News and STORIES
Horse Racing News and Notes: April 22, 2019
Reason for Concern?
Presumptive Kentucky Derby favorite Omaha Beach attracted attention on the backside of Churchill Downs Sunday as blacksmith Ben Craft repatched a quarter crack in the Arkansas Derby winner’s left front inside hoof. A common ailment and akin to a human having his/her nail ripped off at its cuticle, the quarter crack on Omaha Beach developed during its maiden score in February and was patched. Craft flew from his southern California base to Kentucky to perform the work.
After missing a day of training Saturday due to a combination of the crack and a sloppy track, Omaha Beach returned to the track with a mile gallop Sunday on a foggy morning under the Twin Spires. Mandella said the Fox Hill Farms colt will work once before the first Saturday in May.
“It was due to reset it today and put new shoes on,” Mandella told the Louisville Courier Journal. “We’re ready to go. … At this point, it’s an old issue. But it doesn’t mean I won’t worry. We have plenty to worry about. When they fresh do it, it is painful until you get the patch on. But the patch pulls it together, like having a little cast on it. As long as the patch works, it’s no problem.”
Whatever horse prevails on the first Saturday in May will face a well-rested and ultra-talented colt in Federico Tesio victor Alwaysmining. He could not have produced a more impressive performance, besting a talented and competitive field by nine lengths. Now with 7 wins in 12 lifetime starts, the Kelly Rubley trainee and son of Stay Thirsty, earned an automatic bid to the Preakness by virtue of the win.
“You just hate to get overconfident, but this is what I had expected to happen, so I’m really glad it came true,” Rubley told Bloodhorse.com. “We’re all very excited. It’s a fabulous day.”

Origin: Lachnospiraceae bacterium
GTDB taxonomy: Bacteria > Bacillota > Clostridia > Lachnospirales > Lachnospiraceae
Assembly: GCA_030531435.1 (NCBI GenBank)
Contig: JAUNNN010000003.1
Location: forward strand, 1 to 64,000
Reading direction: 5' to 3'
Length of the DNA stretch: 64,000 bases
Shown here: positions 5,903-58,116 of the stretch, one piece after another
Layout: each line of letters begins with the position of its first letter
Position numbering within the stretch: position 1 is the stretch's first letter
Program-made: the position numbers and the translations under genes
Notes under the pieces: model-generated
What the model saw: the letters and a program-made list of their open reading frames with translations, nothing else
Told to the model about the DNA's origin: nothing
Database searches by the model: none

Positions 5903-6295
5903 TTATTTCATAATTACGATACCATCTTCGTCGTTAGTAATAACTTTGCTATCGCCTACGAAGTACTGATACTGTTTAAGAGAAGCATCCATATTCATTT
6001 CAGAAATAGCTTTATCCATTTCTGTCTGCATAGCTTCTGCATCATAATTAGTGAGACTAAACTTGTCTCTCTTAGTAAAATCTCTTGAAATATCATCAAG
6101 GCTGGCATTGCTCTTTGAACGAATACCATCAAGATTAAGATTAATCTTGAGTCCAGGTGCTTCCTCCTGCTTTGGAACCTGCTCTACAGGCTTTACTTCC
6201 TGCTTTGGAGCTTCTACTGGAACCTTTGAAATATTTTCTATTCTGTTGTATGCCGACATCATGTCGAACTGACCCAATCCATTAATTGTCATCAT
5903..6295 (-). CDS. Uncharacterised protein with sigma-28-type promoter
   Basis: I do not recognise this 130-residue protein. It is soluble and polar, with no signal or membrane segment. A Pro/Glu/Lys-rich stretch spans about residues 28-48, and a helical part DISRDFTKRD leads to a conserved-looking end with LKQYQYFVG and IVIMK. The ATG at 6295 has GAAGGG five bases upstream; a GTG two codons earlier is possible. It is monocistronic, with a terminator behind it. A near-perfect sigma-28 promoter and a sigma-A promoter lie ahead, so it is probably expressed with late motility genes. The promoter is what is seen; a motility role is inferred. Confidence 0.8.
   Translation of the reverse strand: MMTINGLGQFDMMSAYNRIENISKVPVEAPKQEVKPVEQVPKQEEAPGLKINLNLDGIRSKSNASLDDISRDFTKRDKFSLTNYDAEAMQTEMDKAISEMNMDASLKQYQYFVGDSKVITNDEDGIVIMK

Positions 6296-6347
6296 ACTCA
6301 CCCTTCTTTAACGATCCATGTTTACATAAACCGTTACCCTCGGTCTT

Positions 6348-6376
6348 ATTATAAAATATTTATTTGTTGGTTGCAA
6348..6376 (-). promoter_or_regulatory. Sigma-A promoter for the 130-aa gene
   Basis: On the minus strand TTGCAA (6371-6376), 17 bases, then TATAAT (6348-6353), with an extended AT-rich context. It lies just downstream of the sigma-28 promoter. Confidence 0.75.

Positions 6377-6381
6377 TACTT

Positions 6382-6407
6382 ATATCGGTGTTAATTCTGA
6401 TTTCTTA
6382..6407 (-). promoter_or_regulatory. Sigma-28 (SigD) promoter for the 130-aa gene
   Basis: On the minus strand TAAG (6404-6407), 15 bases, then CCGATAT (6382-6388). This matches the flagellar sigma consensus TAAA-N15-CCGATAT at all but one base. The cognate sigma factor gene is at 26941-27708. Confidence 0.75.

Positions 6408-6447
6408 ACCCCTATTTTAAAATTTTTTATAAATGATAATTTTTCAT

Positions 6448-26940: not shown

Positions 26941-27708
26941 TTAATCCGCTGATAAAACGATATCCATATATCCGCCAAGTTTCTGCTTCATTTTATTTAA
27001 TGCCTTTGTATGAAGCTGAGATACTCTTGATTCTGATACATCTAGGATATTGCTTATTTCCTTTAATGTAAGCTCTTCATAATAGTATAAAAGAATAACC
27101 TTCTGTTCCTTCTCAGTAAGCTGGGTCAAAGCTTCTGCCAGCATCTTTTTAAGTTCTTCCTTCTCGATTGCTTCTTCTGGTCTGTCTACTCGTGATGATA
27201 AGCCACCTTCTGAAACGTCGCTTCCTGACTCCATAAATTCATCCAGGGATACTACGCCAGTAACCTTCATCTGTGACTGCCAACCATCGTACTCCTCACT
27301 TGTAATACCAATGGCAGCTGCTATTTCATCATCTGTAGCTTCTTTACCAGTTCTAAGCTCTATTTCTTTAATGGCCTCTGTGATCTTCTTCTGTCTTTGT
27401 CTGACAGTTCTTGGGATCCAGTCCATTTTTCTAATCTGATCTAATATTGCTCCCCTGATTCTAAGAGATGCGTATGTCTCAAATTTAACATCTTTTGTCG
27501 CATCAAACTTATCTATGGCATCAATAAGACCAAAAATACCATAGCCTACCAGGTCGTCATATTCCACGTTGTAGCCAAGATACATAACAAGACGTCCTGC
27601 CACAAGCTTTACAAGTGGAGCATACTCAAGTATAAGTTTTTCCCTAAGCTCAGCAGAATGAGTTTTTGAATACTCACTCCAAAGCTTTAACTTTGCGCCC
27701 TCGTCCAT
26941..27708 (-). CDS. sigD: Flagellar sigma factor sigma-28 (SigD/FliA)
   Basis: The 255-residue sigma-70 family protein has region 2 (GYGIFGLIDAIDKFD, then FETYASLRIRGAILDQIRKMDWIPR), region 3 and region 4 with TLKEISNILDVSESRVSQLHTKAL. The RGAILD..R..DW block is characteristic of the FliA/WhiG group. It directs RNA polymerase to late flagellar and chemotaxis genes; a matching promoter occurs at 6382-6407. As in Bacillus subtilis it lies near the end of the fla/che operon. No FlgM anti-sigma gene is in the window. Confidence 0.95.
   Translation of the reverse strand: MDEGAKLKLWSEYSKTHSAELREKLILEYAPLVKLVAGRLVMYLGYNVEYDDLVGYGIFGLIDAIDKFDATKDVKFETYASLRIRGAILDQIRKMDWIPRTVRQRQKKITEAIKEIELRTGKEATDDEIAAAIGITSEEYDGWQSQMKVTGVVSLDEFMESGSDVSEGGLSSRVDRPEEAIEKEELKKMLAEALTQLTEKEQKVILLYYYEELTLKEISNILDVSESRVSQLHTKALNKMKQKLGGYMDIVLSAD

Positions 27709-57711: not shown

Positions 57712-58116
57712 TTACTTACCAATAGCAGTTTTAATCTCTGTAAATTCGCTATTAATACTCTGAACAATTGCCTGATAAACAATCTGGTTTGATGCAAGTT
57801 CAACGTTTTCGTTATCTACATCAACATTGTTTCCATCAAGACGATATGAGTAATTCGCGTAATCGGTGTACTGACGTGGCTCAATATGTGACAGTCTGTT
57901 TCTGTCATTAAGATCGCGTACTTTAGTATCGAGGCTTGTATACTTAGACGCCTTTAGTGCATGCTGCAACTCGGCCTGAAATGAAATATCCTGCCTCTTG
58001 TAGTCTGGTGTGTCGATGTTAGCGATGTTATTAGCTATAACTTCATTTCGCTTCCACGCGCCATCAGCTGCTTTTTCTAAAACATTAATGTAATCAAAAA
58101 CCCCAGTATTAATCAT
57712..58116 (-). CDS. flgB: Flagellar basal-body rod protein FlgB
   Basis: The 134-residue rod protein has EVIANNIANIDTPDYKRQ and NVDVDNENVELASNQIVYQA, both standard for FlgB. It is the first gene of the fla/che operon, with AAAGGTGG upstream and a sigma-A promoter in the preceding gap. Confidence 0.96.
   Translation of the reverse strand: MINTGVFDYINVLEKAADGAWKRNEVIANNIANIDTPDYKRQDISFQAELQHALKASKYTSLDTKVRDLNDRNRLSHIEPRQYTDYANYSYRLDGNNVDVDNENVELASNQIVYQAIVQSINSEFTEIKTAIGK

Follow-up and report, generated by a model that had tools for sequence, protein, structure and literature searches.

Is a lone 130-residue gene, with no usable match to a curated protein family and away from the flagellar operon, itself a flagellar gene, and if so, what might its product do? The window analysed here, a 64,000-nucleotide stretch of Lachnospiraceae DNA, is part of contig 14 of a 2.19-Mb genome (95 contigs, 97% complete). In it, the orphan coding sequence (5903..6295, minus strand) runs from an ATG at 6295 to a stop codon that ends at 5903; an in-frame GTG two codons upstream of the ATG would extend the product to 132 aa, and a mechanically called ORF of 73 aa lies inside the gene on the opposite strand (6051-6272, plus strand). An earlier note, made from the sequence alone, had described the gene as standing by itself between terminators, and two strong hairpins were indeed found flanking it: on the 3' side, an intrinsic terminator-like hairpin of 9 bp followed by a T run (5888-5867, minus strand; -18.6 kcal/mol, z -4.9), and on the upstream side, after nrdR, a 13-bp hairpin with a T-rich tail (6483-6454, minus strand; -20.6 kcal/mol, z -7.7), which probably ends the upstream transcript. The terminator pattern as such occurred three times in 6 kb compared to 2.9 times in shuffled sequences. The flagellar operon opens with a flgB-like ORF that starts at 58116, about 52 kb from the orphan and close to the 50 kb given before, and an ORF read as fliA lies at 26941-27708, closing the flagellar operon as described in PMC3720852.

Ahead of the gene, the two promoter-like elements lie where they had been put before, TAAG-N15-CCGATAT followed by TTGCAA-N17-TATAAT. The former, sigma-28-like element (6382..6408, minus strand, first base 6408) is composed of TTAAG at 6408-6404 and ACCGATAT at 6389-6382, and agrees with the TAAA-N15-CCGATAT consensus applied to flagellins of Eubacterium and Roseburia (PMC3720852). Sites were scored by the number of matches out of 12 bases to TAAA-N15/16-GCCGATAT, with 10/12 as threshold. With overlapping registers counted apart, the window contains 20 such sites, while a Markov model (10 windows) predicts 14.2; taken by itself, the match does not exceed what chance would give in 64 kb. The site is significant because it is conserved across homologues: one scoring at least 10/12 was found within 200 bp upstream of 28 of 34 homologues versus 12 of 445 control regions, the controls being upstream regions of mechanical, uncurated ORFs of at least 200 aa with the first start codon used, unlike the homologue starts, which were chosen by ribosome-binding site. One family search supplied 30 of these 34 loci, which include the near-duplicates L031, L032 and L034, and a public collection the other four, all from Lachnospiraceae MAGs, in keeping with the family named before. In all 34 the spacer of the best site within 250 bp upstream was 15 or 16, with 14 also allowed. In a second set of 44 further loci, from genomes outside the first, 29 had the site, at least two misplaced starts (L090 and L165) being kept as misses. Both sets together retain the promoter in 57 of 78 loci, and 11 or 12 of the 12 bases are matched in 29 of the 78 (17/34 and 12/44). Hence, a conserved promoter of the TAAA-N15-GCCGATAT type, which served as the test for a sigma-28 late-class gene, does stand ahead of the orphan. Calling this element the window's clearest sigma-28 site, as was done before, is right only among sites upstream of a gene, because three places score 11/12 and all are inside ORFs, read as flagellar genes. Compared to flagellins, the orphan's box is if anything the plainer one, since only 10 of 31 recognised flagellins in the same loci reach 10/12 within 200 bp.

Known as a front runner in his previous efforts for Rubley following a private purchase, Alwaysmining showed another dimension Saturday, sitting off of sensible fractions and then exploding for home amidst gentle urging from his regular rider Daniel Centeno.
“The plan was to try to make the lead, but I didn’t want to chase them, so I let them go,” Centeno—who rides regularly for Rubley at Delaware Park—told Bloodhorse.com. “I decided to take him back and put him behind them. He was comfortable, nice and relaxed. I put him on the outside on the backstretch, and when it was time to go, he took off. The Preakness will be a completely different game. I told Kelly he’ll be completely relaxed. We don’t need to put him on the lead. We can do whatever we want with him.”
Going to the Hall
Legendary jockey Craig Perrett and Bill Mott’s turf superstar and three-time Eclipse Award winner Royal Delta headline a class of 14 horses and individuals slated for induction to the National Racing Museum Hall of Fame in early August in Saratoga Springs, NY.
Racehorses My Juliet and Waya and Pillars of the Turf James E. “Ted” Bassett III, Christopher T. Chenery, Richard L. “Dick” Duchossois, William S. Farish, John Hettinger, James R. Keene, Frank E. “Jimmy” Kilroe, Gladys Mills Phipps, Ogden Phipps, Helen Hay Whitney, Marylou Whitney, and Warren Wright Sr. comprise the 2019 class.
Perret and Royal Delta were elected to the Hall via the contemporary voting process; My Juliet and Waya were chosen by the Museum’s Historic Review Committee; and the Pillars were selected by the Museum’s Pillars of the Turf Committee.